Jimmy Cliff

REGGAE legend Jimmy Cliff says Jamaica's film industry is not where it should be globally. He believes investors do not see the medium as lucrative.

“In my opinion, the film industry is not being encouraged. People with money in Jamaica don't see it as a money-making thing. There were some movies that were made locally that didn't make any money... investors have become cautious. The funding is a big thing,” he told the Jamaica Observer.

Cliff, star of the 1972 cult classic The Harder They Come, has experienced the effects of insufficient funding.

“When we were doing The Harder They Come we ran out of money. I was residing in England and I had to go back to England. When they got money, they said: 'Come back now. We raise some more money.' The break would sometimes be six weeks to two months,” he said.

Cliff, 76, starred as Ivanhoe “Ivan” Martin in The Harder They Come, which was directed and co-written by Perry Henzell and Trevor Rhone. Its plot follows Martin who came to Kingston from the country to make it big in the music industry.

Listed as Jamaica's most influential film, The Harder They Come – through its soundtrack – helped introduce reggae to the world. It includes Cliff's enduring songs You Can Get It (If You Really Want) and Wonderful World, Beautiful People.

He believes one way to overcome inadequate funding is to present appealing scripts.

“You need creativity. Creativity in terms of writing scripts, just like artistes need to write songs with a global view. There is a saying in the film business, 'To make a film you need a script, script, and a script.' Once you have a good script you'll get the director, you get the money, all of that,” he said.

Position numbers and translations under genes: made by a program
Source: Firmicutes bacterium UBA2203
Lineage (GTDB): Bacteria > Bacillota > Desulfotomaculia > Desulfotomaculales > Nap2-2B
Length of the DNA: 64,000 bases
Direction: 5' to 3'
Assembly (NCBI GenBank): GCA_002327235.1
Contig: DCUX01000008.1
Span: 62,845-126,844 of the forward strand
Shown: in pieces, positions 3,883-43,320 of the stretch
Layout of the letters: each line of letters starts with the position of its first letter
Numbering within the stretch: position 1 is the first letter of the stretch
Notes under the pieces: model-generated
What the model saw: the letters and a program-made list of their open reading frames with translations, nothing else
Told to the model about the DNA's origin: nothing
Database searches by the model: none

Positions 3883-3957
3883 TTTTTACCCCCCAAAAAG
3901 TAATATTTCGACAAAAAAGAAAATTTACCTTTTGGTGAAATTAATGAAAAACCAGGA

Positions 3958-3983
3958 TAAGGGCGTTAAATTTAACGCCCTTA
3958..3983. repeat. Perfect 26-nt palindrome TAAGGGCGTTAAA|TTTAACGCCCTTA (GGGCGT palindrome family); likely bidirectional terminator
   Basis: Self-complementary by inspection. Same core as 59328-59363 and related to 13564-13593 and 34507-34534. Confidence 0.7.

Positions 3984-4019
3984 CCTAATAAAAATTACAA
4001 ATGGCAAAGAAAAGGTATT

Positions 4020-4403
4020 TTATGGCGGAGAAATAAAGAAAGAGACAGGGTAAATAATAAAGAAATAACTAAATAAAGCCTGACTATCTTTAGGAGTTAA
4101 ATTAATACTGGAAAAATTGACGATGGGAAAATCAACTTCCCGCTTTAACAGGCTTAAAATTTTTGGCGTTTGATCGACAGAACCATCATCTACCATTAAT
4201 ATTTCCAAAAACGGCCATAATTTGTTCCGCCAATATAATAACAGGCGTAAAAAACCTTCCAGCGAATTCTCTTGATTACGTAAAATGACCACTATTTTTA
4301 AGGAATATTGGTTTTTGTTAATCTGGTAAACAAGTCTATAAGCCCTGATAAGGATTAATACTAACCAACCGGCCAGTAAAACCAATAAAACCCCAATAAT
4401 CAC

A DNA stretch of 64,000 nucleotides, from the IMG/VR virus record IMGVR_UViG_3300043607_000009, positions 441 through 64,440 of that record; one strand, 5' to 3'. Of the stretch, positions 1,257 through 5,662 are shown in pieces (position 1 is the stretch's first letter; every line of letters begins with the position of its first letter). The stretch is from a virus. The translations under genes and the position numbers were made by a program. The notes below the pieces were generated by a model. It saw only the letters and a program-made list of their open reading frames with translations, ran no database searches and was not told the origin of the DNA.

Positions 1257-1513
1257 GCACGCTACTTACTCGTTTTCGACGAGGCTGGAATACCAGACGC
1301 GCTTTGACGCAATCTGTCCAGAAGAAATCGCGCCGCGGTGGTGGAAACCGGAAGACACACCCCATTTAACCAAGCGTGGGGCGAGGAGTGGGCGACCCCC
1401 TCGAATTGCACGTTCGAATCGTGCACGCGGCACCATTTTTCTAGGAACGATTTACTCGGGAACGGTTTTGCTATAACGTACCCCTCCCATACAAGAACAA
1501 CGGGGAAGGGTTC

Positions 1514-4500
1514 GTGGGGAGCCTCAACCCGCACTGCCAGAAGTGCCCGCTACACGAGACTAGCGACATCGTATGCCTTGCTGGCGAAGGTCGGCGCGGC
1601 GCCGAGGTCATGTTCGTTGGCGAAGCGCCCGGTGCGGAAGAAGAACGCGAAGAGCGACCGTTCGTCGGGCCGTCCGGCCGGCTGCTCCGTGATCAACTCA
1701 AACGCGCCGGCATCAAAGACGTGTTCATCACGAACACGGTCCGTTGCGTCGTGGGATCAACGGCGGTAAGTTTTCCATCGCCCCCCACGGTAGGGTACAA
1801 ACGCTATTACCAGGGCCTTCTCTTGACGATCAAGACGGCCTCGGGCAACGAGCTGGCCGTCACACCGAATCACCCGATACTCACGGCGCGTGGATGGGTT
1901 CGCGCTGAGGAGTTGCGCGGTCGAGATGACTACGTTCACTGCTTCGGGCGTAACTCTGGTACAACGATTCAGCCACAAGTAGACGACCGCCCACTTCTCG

Since last year Cliff has been off the road as the novel coronavirus outbreak shuttered the entertainment industry. But in addition to writing material for his upcoming 11-song album, he is dabbling in script writing.

“I'm writing a movie, but I'm not saying it is a follow-up to The Harder They Come. But it's a script and I feel positive about it. I do have some agents in Hollywood that I'll be sending it to,” he said.

“What I have is a synopsis, but it is fairly long. To get it into a screenplay, I have to get screenwriters to sit with me and get it done. To get dialogue and stuff like that. It is a great synopsis. I'm going to call it after one of my song titles. Journey could be a title; then there is Many Rivers to Cross,” he continued.

Cliff has also appeared in the action film Marked for Death (1990), which stars Steven Seagal, and the comedy Club Paradise (1986), which stars Robin Williams.

A native of Somerton in St James, Jimmy Cliff, whose given name is James Chambers, began making music in the early 1960s. He has won two Grammy Awards for Best Reggae Album and was awarded the Order of Merit in 2003 by the Jamaican Government.

BY BRIAN BONITTO Associate Editor — Auto & Entertainment bonittob@jamaicaobserver.com

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